• Contents Acknowledgements ix List of acronyms x Introduction 1 Defining Milbus 4; Literature survey 8; What drives Milbus? 10; Consequences of Milbus 13; Milbus and Pakistan 18; Outline of the book 24 Chapter 1 Milbus: a theoretical concept 30 Civil-military relations framework 30; A typology of civil-military relations 33; The civil-military partnership type 36; The authoritarian-political-military partnership type 41; The ruler military type 43; The arbitrator military type 47; The parent-guardian military type 51; The warlord type 55 Chapter 2 The Pakistan military: the development of praetorianism, 1947-77 58 The military institution 59; The militarys primary role 62; The militarys secondary role 64; The military in politics and governance 65; Initiation to power, 1947-58 69; The rise to power, 1958-71 72; Returning to democracy, 1971-7 77 Chapter 3 Evolution of the military class, 1977-2005 83 The coercive military, 1977-88 84; A thorny partnership, 1988-99 91; Consolidation of power, 1999-2005 95; Evolving into a military class 106• Chapter 4 The structure of Milbus 112 The economic empire 112; Level 1: the organization 114; Level 2: the subsidiaries 117; Level 3: the members 126 Chapter 5 Milbus: the formative years, 1954-77 129 Setting up the economic empire, 1954-69 129; The era of restraint, 1969-77 135 Chapter 6 Expansion of Milbus, 1977-2005 139 Re-establishing financial autonomy, 1977-88 139; Civilian- military politico-economic integration, 1988-99 151; Consolidating the economic interests, 1999-2005 166 vii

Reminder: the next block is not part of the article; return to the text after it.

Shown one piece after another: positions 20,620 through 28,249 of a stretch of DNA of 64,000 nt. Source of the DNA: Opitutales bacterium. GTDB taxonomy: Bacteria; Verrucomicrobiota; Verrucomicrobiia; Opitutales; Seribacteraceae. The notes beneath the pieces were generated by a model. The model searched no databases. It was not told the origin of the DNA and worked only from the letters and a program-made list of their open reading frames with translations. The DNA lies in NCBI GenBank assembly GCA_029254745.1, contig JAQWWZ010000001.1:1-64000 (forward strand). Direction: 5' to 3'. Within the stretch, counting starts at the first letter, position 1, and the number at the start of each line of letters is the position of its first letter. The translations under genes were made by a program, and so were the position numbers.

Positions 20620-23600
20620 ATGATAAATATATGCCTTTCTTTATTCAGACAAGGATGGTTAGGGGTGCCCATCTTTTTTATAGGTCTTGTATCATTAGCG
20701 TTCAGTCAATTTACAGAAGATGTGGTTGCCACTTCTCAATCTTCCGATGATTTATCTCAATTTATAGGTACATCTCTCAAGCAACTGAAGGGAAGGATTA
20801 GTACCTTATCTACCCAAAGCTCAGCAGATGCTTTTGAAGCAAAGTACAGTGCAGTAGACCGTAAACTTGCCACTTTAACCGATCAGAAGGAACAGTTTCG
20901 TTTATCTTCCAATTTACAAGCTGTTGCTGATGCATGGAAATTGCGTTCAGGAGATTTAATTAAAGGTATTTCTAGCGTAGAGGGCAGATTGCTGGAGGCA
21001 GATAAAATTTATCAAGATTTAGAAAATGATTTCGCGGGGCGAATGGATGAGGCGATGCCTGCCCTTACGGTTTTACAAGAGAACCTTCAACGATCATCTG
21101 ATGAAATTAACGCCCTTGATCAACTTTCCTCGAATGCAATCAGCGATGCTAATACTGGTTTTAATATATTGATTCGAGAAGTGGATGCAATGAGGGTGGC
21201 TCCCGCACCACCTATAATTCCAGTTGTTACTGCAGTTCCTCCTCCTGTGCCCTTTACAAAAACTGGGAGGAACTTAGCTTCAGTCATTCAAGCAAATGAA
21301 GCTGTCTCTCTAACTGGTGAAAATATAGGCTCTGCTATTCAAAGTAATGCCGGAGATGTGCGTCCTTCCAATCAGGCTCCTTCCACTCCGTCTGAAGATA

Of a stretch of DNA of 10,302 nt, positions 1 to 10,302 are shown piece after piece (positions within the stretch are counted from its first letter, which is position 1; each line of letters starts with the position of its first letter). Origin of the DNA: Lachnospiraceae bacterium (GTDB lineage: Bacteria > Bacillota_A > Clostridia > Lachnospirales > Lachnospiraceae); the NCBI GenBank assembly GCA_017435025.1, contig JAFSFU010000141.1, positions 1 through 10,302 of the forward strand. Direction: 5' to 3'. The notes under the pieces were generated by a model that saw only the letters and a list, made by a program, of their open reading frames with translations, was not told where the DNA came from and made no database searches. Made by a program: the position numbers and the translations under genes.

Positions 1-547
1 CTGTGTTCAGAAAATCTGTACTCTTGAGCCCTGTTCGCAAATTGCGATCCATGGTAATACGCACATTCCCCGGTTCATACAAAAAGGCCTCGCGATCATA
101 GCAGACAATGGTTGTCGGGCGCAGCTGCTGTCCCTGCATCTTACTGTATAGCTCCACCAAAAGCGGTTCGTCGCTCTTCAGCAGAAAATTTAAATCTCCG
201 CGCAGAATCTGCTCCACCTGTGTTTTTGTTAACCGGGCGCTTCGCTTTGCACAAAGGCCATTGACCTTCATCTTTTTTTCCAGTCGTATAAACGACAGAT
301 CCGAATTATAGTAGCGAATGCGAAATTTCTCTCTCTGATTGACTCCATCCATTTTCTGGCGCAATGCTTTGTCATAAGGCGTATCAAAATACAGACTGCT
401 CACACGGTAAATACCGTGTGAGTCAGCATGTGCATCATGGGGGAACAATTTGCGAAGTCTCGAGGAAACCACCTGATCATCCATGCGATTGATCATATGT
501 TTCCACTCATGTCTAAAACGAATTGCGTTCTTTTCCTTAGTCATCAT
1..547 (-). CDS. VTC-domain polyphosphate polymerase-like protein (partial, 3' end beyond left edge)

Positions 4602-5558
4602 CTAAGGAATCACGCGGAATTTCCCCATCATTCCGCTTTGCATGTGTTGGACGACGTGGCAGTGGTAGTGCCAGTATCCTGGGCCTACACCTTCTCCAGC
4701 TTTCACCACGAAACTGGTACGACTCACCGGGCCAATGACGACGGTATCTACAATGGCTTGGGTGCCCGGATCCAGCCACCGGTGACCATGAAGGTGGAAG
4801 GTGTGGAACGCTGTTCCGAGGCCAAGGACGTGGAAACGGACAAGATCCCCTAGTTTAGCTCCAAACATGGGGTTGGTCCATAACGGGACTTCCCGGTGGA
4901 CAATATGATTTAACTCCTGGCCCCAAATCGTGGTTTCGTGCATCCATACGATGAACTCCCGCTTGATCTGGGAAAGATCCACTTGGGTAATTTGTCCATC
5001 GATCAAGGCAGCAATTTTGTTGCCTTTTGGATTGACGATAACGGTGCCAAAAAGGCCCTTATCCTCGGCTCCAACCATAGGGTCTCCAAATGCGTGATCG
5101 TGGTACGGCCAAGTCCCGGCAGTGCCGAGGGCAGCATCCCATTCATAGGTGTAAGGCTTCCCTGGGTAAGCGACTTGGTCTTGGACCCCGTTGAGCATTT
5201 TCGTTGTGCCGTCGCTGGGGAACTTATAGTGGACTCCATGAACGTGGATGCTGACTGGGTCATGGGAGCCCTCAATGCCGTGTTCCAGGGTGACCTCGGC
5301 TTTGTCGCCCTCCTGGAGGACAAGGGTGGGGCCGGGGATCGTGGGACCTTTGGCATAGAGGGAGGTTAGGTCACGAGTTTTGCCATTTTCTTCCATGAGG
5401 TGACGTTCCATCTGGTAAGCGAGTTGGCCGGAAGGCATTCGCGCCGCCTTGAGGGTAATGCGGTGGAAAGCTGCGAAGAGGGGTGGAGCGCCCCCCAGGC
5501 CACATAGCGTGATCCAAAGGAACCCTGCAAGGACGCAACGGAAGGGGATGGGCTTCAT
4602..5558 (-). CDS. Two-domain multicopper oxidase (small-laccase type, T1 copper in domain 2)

• AcknowledgementsI am grateful to the Woodrow Wilson International Center for Scholars forproviding me with funding and the opportunity to spend one year in theUnited States and research that material that was important for writingthis book. I am indebted to Robert Hathaway, Saeed Shafqat and myfriend Navnita Chadha-Bahera who took time out of their busy scheduleto read some of the chapters and give their valuable comments. Also, aspecial thanks to Vali Nasr, Ayesha Jalal and Michael Brzoska who gaveme new ideas to approach the subject and to look in directions that I hadnot considered earlier. The list of people Imust thank is long. However, I would especially liketo acknowledge the help given by Lt Generals (retd) Syed MohammadAmjad and Talat Masood, Admiral Fasih Bokhari, Hameed Haroon, IkramSehgal, Nazim Haji and Riaz Hashmi, who took the time to give me aninsight into the military and Milbus in Pakistan. I would also like to acknowledge the help rendered by some of myfriends in searching for the material. I am indebted to Rabia Saleem, JunaidAhmed, Rauf and Shehzad for providing valuable support in search of thenecessary materials. I must also offer special thanks to my research assis- tants, Adeel Piracha, Ajaita Shah, Mahrukh Mehmood and James Murathfor assiting with the hard work of finding the appropriate material. Also, a special thanks to Murtaza Solangi, whose moral support was essential during my stay in the United States. Finally, an acknowledgement would be incomplete without mention- ing the help and emotional support given by my husband, Sohail Mustafa. He was always there to encourage me to complete my work. I am also grateful to Aziz, Omar and Jamal for making it easy for me to work at home and complete this book. I must also acknowledge the emotional support of my dear friend Saadia I m a dwho was always there for me. Last, but not the least, I thank the commissioning editor of Pluto Press, Roger van Zwanenberg. His comments on my initial book outline made me think about what I wanted to write. Ayesha Siddiqa ix